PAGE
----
Warren Pavey is a gun off-road pilot in the cockpit of his beat-up old Prado, and in the open water he can bend it like Bertrand, skippering his little skiff like a big silver cup depended on it. But he can also drive a heart.
The cardiac anaesthetist performs a vital and highly specialist role during heart surgery, arresting and monitoring the organ while surgeons operate.
“We interact a lot with the surgeon. We are relaying lot of information to them, we use echo to look at the heart to see how it’s going while they’re operating on it to help guide them with their work,” he explains.
It’s during the delicate restarting stage that the heart needs a little help. His measured tone, generous nature and meticulous attention to detail mean those vulnerable hearts are in very good hands.
“When the heart’s fixed we have to start it up again and wean it off the machine … so you have to drive it with drugs to make sure its pumping hard enough. People think we just put people to sleep and wake them up but that’s the smallest part of the job.”
Warren waxes lyrical about this most mythical and magical of organs.
Warren, you see, loves hearts.
“It’s just cool seeing a heart beating,” he says with a childlike enthusiasm. “We turn it on and off — we arrest the heart and then restart it. Every time you see it, it’s an amazing thing. All organs do their own thing but this is doing its thing visibly. A liver sits there and you can’t really see it doing anything but a heart, you can see it working and you can see when it’s not working.”
It’s when someone’s heart isn’t working well that they might meet Warren. Indeed, as well as being a key theatre team member in heart surgery, he’ll likely play a role in most of the 15-or-so heart transplants performed each year at Fiona Stanley Hospital.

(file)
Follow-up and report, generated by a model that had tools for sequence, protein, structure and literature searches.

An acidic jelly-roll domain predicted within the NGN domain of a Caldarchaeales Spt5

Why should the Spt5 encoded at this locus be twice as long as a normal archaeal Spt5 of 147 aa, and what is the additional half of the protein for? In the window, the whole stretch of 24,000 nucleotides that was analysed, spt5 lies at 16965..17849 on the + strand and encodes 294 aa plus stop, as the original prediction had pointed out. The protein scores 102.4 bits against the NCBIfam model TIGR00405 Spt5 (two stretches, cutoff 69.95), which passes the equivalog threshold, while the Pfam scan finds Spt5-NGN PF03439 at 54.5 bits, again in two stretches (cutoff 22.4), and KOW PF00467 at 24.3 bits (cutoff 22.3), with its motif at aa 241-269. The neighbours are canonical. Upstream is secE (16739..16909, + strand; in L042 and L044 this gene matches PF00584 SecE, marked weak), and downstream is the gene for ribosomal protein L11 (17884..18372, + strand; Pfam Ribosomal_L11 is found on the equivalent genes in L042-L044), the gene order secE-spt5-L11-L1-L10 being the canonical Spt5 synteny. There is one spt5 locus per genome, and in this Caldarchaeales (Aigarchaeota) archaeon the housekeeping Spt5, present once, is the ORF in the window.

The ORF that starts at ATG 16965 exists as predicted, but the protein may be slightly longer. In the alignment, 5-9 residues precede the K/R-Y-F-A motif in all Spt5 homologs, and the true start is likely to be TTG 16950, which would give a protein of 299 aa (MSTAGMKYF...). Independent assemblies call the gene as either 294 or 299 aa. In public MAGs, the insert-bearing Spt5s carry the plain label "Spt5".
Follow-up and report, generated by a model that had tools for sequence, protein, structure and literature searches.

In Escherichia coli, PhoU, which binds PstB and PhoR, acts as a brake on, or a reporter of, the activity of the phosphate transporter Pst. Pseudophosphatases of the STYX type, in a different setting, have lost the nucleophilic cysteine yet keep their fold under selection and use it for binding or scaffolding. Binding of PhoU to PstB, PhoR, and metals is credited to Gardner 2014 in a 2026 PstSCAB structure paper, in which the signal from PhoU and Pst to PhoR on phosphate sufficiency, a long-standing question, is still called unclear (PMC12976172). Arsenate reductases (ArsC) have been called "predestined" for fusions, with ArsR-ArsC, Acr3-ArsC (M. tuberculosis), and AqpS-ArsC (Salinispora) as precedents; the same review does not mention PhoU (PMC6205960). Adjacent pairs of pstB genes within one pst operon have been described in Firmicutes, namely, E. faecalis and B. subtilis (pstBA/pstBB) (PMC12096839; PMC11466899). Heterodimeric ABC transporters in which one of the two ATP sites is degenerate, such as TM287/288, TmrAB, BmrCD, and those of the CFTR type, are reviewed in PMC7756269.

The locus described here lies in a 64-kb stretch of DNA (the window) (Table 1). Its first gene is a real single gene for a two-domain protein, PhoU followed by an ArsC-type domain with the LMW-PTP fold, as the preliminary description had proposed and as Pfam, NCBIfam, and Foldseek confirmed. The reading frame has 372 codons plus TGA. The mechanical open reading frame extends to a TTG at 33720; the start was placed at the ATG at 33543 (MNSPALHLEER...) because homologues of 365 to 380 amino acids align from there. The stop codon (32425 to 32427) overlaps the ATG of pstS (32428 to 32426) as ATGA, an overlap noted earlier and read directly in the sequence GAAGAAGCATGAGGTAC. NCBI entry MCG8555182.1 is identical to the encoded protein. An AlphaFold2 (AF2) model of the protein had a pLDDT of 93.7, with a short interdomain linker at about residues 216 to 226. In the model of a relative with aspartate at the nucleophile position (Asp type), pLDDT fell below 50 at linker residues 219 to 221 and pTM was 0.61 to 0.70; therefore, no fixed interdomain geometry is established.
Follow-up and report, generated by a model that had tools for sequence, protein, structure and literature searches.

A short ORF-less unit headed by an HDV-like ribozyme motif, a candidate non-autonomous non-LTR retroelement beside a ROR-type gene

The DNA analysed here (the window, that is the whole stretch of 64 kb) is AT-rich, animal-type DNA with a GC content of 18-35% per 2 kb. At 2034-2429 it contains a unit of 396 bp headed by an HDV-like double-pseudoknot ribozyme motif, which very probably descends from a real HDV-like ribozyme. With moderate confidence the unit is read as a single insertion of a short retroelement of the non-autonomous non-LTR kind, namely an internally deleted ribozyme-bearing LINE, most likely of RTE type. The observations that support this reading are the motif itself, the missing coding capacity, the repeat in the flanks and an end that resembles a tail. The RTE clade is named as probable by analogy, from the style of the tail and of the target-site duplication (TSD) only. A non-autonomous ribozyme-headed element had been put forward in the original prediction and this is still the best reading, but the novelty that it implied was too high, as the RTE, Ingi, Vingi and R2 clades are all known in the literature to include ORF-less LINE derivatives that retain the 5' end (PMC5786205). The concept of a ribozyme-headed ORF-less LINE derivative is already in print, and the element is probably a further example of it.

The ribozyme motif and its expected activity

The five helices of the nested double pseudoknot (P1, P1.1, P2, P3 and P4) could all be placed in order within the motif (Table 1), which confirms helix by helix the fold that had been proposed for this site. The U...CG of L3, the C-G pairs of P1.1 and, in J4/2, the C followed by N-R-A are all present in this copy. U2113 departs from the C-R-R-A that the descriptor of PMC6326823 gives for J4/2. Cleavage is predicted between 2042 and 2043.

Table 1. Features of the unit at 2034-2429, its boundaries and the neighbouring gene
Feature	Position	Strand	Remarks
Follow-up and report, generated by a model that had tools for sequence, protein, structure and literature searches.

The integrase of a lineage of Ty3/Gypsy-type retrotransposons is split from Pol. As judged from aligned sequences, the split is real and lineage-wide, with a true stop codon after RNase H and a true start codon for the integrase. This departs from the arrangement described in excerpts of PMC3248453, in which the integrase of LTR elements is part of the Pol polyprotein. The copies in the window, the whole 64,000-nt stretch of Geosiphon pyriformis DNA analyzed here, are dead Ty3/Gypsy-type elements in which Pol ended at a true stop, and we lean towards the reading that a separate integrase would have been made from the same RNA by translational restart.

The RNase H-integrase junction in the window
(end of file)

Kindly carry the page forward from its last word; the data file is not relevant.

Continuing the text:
But as busy as he is, Warren would love to see the hospital do more. Disheartened by the number of donor organs that have to be discarded because they’re considered unviable, Warren is determined to find ways to properly assess so-called “marginal” hearts so they can be implanted and save lives.
Though his work tackles issues that affect hospitals wordwide, it is particularly important in farflung Perth: while we can send organs to the east coast, headwinds that can add an hour to the flight time mean we cannot receive theirs. “Kind of like the GST,” Warren says with a laugh.
Warren’s important research touches on three key areas: trying to keep fragile, energy-hungry hearts alive longer outside the body, finding fast, effective and cheap ways of testing donor hearts and discovering simpler and more affordable ways of caring for “dead” hearts.
Traditional donors, Warren explains, are brain dead: their heart is still beating but they will never regain consciousness. But there is another pool of donors whose hearts have stopped.
“A small but significant number of people that die in that way that have agreed to donate their organs that don’t fit the standard donation method. That’s called donation after circulatory death. Until now we haven’t been able to use those hearts,” he says.
In hospitals such as St Vincent’s in Sydney, a wildly expensive “heart in a box” machine keeps the heart alive while fairly “crude” methods involving a fair bit of guess work are used to assess the heart’s viability.
Warren’s dream is that the gifts so graciously given by donors will be used to save a life rather than be discarded.
The former Aquinas student is driven by a desire to “do better” for patients.
“The more research you do, the more invested you get and it becomes more and more meaningful,” he says.
“I’ve seen organs go to waste and … when we use them I think we could handle them and manage them a lot better than we do. And then the patient would benefit hugely. We should be giving them the best organ we can, in the best condition. And I think we can do that if we try.”